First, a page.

Subject file on Maulana Azad, Apr 1947, shelfmark Mss Eur IOR Neg 15539/6 (in the papers of Earl Mountbatten of Burma as Viceroy 1947 and Governor-General 1947-48 of India).

Correspondence between Jinnah, Nehru, Azad, Prasad, and others, 1938-1939, shelfmark IOR Neg 10762/4 (in the papers of Quaid-i-Azam Mahomed Ali Jinnah, leader of Muslim League in India and founder of Pakistan).

Photographs of Maulana Azad, 1946, shelfmarks Photo 1117/1(31), Photo 1117/1(36), Photo 1117/2(4), Photo 134/1(31), Photo 134/2(17), Photo 134/2(18), Photo 134/2(24), Photo 134/2(27)

Abul Kalam Azad, India Wins Freedom (the complete version) (London: Sangam, 1988), shelfmarks YC.1989.a.5439 and ORW.1989.a.1244.

For printed collections of Abul Kalam Azad’s writings search the British Library catalogue.

 

08 March 2021

Mūzah bint Aḥmad Āl Bū Sa‘īd - The Protector of Muscat

In early 19th century Oman, one of the Imam of Muscat’s trusted advisors was a woman – his paternal aunt, Mūzah bint Aḥmad Āl Bū Sa‘īd.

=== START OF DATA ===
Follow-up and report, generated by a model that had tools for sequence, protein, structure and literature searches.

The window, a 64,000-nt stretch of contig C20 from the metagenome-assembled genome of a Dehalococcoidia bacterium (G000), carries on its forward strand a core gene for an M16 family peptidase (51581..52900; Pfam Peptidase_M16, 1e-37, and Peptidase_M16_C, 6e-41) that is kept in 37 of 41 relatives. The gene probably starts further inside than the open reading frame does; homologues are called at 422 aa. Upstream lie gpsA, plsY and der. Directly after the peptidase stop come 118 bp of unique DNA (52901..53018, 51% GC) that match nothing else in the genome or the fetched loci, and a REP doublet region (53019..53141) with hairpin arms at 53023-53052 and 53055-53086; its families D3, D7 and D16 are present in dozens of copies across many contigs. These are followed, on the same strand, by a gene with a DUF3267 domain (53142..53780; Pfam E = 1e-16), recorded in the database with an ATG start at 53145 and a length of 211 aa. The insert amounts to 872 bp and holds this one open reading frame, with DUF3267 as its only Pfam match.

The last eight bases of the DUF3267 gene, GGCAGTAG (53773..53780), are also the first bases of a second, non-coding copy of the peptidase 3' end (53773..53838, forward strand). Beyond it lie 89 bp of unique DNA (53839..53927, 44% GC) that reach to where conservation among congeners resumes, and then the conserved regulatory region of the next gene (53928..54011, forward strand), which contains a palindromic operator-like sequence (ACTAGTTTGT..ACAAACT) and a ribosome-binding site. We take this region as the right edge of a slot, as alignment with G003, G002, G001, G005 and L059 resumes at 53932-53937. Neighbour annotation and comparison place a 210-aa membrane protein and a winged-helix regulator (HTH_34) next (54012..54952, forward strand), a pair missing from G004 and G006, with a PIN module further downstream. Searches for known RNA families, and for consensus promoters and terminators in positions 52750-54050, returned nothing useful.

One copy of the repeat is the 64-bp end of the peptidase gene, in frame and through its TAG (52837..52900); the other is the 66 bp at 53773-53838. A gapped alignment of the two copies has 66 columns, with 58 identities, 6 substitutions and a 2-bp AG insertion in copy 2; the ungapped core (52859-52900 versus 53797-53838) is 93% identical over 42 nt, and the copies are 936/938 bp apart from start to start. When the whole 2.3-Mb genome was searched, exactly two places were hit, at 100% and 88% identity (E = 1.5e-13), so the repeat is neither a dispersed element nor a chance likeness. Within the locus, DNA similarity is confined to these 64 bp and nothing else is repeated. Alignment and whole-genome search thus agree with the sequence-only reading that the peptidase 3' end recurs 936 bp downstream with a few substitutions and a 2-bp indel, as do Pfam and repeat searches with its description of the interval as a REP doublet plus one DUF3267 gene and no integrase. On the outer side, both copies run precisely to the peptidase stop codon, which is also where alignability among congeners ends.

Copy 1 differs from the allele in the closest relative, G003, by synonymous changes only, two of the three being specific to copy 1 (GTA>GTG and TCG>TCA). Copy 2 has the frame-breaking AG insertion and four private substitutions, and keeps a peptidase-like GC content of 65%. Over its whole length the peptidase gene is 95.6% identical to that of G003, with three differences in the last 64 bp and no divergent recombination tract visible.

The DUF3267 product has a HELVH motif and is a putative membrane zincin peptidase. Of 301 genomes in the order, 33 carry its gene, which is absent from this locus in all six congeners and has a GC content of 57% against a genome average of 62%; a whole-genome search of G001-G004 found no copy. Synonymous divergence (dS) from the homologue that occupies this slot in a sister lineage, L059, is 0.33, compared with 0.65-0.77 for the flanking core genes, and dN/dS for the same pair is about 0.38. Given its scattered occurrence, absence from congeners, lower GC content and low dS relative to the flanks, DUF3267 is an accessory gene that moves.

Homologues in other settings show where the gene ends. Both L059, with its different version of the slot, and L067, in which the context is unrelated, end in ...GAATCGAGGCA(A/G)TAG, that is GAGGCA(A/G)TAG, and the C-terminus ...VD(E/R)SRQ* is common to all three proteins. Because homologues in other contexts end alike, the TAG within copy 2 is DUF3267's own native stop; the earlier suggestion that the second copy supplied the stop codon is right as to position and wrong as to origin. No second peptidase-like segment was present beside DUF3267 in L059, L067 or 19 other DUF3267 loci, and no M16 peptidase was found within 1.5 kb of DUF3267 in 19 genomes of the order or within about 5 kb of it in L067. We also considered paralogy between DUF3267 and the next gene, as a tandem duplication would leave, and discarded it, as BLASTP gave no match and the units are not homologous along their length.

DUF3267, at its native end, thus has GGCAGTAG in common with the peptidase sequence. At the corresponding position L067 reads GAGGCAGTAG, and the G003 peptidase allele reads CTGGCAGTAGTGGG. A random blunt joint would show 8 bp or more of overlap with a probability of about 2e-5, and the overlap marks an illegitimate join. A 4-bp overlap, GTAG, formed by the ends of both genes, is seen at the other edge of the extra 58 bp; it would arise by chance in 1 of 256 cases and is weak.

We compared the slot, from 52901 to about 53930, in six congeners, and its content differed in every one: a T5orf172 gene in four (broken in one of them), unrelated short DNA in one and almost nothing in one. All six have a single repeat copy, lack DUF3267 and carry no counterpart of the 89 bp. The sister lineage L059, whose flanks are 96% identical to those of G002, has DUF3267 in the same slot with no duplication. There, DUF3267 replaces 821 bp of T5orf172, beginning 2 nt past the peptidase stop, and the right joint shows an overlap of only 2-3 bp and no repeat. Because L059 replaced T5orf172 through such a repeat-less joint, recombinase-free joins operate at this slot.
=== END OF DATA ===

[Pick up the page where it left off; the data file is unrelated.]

9 April 1832: Muscat was in disarray.  Reuben Aslan, the East India Company’s agent in the city, wrote to his superior, Samuel Hennell, Resident in the Persian Gulf, that citizens on the city’s outskirts had retreated inside its walls for protection, the markets had closed and the people were ‘in the greatest terror’ (IOR/F/4/1435/56726, f. 242v).  The Imam of Muscat, Sayyid Sa‘īd bin Sulṭān Āl Bū Sa‘īd, was in East Africa furthering his colonial projects in Zanzibar.  He had left three relatives in charge.  One of them – Sa‘ūd bin ‘Alī bin Sa‘īd, Shaikh of Barka – had imprisoned the other two in his fort at Barka.  Together with the Shaikh of Al Suwayq, Shaikh Sa‘ūd then launched an attempted takeover of the Imam’s territories along the Al Bāţinah coast, situated to the west of Muscat.